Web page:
Three major clans make up our people; Turtle, Turkey, and Wolf. Research in many written pieces suspects that clans were driven by demographics. Many have assumed that Turtle Clan remains in the NJ, PA, and DE area, while the Turkey and Wolf Clans are further West and in Canada. That is not entirely the case. Main Clans are determined by the maternal side of your family. If your mother was of Turtle Clan, you were as well. It is more about lineage than anything.
Each of the three clans also had a number of sub-clans. These helped identify which families you came from, so to be mindful of both your Main Clan, and the sub-clans of both parents were to help limit who you could and could not marry. Back in a time when memory and oral stories were the only way to record, and the elders were the only ones who could tell you who your families were (which meant that when they passed on, that knowledge was lost), the clan systems kept close relatives from two different regions & villages who did not know one another from finding a mate in the other.
Clans defined more than just who you were allowed to marry. They defined your responsibilities among society; both socially and ceremonially. They were also a base for politics; and odd number of clans, so that unbiased decisions that would affect the tribe as a whole could be properly made. They also defined other things, such as which set number of the twelve Manëtuwàk (Spirits) assisted you on your path in life.
No clan had hierarchy over another. For example, our symbol represents a Turtle, but that is not to say Turtle Clan dominates or nation. Our symbol represents Turtle Island; our land developed on a Turtle’s back.
Unfortunately, most of our tribe do not truly know what Clan they belong to. Very few have families that have never forgotten. Others seek spiritual guidance from individuals who can see/speak/listen to the spirits to conclude the spiritual identity of the person in question (mostly by being sensitive to knowing which Manëtuwàk assist you).
We are actively beginning to revitalize our Clan Systems. It has become an appropriate need for ceremonies that are returning to our people that have been dormant for more than a century. More importantly, it has become a need in self-identification. When we formally introduce ourselves, we introduce ourselves by what we are called, who you are descendant of, your clan, and where you are from.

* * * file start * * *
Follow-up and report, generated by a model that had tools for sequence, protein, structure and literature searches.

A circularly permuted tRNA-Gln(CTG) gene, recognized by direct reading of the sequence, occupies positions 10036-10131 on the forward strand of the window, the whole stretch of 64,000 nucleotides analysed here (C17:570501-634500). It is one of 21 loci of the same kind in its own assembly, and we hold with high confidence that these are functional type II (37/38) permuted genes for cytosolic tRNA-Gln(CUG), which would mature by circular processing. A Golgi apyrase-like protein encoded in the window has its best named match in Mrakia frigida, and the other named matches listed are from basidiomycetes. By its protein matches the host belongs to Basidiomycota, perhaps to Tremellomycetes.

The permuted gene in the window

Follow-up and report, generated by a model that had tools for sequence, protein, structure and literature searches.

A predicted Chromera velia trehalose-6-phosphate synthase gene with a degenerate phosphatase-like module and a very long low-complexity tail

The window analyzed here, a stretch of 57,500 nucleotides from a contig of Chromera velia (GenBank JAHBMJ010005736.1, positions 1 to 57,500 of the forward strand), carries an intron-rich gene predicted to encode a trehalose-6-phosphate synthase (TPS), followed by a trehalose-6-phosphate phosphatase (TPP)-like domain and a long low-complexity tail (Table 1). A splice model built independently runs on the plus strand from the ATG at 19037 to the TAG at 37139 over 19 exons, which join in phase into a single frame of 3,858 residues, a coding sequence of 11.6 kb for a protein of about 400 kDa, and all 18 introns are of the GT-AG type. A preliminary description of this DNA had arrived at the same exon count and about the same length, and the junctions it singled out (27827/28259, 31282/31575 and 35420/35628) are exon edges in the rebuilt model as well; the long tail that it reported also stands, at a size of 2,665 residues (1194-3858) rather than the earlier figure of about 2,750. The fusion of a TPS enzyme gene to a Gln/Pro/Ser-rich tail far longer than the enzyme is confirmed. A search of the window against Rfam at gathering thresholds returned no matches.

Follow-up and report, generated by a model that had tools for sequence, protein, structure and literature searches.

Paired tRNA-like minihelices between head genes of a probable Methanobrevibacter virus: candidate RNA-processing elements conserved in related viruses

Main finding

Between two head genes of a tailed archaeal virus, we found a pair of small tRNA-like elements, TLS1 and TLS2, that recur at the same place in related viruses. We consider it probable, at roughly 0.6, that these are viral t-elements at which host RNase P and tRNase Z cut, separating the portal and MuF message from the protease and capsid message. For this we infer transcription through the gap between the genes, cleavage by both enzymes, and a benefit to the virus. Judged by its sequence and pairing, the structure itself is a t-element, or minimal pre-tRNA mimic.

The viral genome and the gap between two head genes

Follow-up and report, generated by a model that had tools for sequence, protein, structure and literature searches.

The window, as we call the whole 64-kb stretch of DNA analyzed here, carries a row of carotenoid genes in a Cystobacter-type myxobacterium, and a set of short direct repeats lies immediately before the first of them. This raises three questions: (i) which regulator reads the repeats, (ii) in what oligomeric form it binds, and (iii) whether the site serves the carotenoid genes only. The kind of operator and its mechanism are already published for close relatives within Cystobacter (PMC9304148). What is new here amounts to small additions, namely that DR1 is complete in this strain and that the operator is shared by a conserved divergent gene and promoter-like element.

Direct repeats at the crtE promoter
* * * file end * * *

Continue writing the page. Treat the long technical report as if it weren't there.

With the help of Ancestry.com, our database, connection to Lenape Spiritual Leaders, and self-knowledge of those who already know which clan they belong to, we are close to the means of identifying and appointing clans as a whole. Ways of revitalizing our Clan System are by first identifying those who know their clan. From that point on, we use the genealogy we have to assign all of the females of that lineage the same Clan. (Meaning, if you were of Wolf Clan, your mother, grandmother, great-grandmother, and so on would all be recognized as Wolf Clan.) We’d go as far back as our database would allow. And then, we’d go back down the bloodline, applying the clan to each immediate descendant of those women. And this process continues, going back and forth as needed. From just knowledge of one person’s clan, you can begin to assign hundreds of members’ clans. When it comes to assigning a clan to adopted members and tribal members whose mother was not of Native descent, members are assigned to the Turkey Clan (as most of the Turkey Clan historically are dwindling in numbers).
Volunteering members are beginning to put together an Ancestry Clan Tree utilizing Ancestry.com. The link below will show a number of enrolled members, their ancestors, and working assigned clans. As we continue to thrive, this database will continue to grow and be worked on to the point of being able to assign clans during enrollment!
Forgive its appearance, as it is a work in progress. Some dates are wrong or not included, and are being worked on.
You must have an Ancestry.com account to view, and only deceased members are currently shown.